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Obituary of Arthur David McColl
Arthur David McColl
November 5, 1931 – November 21, 2022
It is with heavy hearts the McColl family announces the passing of Art in his 92 nd year at The Village at Humber Heights in Etobicoke. Art was predeceased by his mother Grace, his father Arthur David, Sister Marie, Nephew Ted (Wendy), Nieces Jane (Doug), Lynne (Oliver) Sue (Andy) and his beloved wife of almost 70 years Kay, just 4 months ago. Arthur leaves behind his two sons Arthur (Judy) and Randy (Tina). Also left to mourn are grandchildren Terry, Jennifer, Chris (Joe), Kari, Jenn (Karl), Brandon (Anette), Kim (Matt) and Laura (Tim), who all held a very special place in his heart. Art was a proud Great-Grandfather to Lincoln, Liam, Hailey, Cadence, Jaxon, Nicholas, Curtis, Andrew, and Lochlan. In addition Art was a caring Uncle to Debra (Fred), Kim (Fraser), Bonnie (Bill), Brenda (Reg), Sharon (Dave), Gwen (John), Vaughn, Elexis (Rob), Korean (Douglas), Ricky (Susan), Sue, Jim, Ross, Paul, Pat (Wayne), Dianna (Scott) and Judy (Pete).
Coming from modest beginnings on St. Patrick Square in Toronto, Art was a truck driver for more than 35 years. He and Kay managed to purchase both a house and a cottage property in their lifetimes. Art was a generous soul who proved hard work and determination could rise you up from your circumstances. He passed along his strong work ethic to his boys. An outdoorsman, a “man’s man” and a family man all described Art. He swam, fished, hunted, was a “skin” diving instructor, a gardener, a devoted leafs fan, a beer drinker, an avid euchre player and a wonderful dancer. When the company he worked for closed their doors, Art retired at 58. It was at that point that he joined a gym. He continued to go every day until after the age of 80. It’s believed he attended every day so as he could use their shower and towels. Art was a character larger than life. He liked to tease people and had nicknames for friends and family. He routinely used sayings that he became associated with: “Fake It Till You Make It”, “Mention My Name and You’ll Get a Good Seat”, “Many Hands Make Light Work”. This last saying was almost his motto, as he could always be counted on to show up and pitch in wherever needed. Art demonstrated his sense of humour by creating his own language. “Sniff Gillies” were flowers, “The Rickshaw” was his van and “Love Juice” was gasoline, just to name a few examples.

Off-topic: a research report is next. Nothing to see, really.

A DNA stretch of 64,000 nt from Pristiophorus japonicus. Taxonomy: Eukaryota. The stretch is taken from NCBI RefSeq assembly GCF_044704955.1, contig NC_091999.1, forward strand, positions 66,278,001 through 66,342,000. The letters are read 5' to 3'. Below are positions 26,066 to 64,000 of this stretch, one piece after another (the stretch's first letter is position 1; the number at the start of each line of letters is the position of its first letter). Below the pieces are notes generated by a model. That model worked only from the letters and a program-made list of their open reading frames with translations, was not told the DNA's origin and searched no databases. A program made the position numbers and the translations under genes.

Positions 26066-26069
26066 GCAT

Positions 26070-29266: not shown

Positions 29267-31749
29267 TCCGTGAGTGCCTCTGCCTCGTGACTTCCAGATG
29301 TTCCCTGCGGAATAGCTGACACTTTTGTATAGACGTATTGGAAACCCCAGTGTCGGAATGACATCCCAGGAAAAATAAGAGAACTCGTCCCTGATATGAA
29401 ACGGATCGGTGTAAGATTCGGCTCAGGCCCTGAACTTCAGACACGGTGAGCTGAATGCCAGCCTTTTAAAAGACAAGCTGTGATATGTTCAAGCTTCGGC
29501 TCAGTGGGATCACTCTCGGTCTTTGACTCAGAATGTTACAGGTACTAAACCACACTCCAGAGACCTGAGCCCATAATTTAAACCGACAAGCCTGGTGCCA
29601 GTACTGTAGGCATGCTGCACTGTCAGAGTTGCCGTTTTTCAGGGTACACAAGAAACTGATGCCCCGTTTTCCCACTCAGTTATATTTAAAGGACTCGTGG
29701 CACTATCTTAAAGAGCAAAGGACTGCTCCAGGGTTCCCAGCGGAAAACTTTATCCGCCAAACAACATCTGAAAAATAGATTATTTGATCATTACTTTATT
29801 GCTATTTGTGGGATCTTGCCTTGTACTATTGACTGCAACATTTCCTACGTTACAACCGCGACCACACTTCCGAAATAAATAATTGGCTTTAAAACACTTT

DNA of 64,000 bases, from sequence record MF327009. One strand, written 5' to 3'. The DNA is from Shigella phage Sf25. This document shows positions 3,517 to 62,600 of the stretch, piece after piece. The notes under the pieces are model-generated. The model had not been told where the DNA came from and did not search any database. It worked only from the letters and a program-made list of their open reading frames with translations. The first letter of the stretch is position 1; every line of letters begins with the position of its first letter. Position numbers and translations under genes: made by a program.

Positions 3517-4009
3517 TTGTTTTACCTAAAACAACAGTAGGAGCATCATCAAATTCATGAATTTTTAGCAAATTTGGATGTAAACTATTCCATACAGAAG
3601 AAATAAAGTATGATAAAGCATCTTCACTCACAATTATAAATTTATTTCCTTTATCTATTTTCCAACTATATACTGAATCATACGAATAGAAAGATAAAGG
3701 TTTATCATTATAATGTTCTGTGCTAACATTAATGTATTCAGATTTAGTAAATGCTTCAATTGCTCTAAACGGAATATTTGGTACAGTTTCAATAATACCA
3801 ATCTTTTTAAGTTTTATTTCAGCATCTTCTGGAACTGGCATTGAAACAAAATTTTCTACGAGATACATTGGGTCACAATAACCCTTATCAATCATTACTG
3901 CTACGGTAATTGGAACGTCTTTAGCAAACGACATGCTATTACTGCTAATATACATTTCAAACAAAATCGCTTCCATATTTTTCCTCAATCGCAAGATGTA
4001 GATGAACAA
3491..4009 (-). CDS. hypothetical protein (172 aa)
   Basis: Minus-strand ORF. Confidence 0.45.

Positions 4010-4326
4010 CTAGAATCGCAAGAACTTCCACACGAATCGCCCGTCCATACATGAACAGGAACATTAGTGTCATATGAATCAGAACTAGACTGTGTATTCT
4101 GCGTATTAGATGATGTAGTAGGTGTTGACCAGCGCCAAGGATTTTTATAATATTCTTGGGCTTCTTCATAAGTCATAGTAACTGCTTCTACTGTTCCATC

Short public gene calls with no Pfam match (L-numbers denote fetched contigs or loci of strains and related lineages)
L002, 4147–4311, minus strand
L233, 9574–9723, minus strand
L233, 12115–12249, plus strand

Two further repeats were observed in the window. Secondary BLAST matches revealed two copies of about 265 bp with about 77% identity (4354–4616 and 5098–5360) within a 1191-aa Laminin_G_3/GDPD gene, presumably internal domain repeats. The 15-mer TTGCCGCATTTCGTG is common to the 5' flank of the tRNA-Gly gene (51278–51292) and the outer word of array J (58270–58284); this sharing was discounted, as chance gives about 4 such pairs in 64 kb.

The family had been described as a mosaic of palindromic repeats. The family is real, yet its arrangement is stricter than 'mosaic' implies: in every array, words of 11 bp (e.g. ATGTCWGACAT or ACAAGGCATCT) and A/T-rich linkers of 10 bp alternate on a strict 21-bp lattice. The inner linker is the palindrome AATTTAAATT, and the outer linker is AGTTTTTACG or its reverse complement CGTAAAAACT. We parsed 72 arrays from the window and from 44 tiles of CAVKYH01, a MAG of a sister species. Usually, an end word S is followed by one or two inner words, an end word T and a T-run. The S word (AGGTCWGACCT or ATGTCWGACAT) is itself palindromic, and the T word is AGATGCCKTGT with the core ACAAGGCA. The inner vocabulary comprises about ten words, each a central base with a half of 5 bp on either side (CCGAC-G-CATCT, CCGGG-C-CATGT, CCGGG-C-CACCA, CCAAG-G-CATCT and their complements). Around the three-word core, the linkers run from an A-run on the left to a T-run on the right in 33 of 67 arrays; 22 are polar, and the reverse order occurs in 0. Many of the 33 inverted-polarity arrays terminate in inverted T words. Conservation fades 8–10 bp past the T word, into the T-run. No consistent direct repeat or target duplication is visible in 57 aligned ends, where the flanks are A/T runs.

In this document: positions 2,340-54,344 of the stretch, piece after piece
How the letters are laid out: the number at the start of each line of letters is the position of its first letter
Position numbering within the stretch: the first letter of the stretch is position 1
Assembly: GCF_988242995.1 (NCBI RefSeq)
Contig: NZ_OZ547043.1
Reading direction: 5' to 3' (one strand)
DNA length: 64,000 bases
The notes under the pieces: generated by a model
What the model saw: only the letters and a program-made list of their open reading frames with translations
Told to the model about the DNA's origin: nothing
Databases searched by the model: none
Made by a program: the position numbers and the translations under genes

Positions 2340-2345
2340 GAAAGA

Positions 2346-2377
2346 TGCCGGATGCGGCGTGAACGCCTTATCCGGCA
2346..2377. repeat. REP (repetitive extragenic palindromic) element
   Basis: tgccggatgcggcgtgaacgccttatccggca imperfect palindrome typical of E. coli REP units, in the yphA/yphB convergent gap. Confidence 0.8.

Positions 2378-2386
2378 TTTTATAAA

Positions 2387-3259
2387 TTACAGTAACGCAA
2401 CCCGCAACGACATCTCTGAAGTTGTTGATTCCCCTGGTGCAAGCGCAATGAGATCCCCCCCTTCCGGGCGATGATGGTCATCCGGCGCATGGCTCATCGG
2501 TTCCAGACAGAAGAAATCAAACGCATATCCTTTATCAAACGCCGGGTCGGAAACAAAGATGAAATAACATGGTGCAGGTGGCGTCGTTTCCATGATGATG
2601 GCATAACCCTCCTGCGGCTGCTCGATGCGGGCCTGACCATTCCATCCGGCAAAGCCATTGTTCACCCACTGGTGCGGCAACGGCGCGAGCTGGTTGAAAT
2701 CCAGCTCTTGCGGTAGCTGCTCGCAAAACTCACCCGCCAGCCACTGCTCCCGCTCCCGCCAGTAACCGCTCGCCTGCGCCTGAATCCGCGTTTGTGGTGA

The family takes comfort in the fact Art and Kay are together once again. Cremation has taken place.
“Tell the kids I love them”.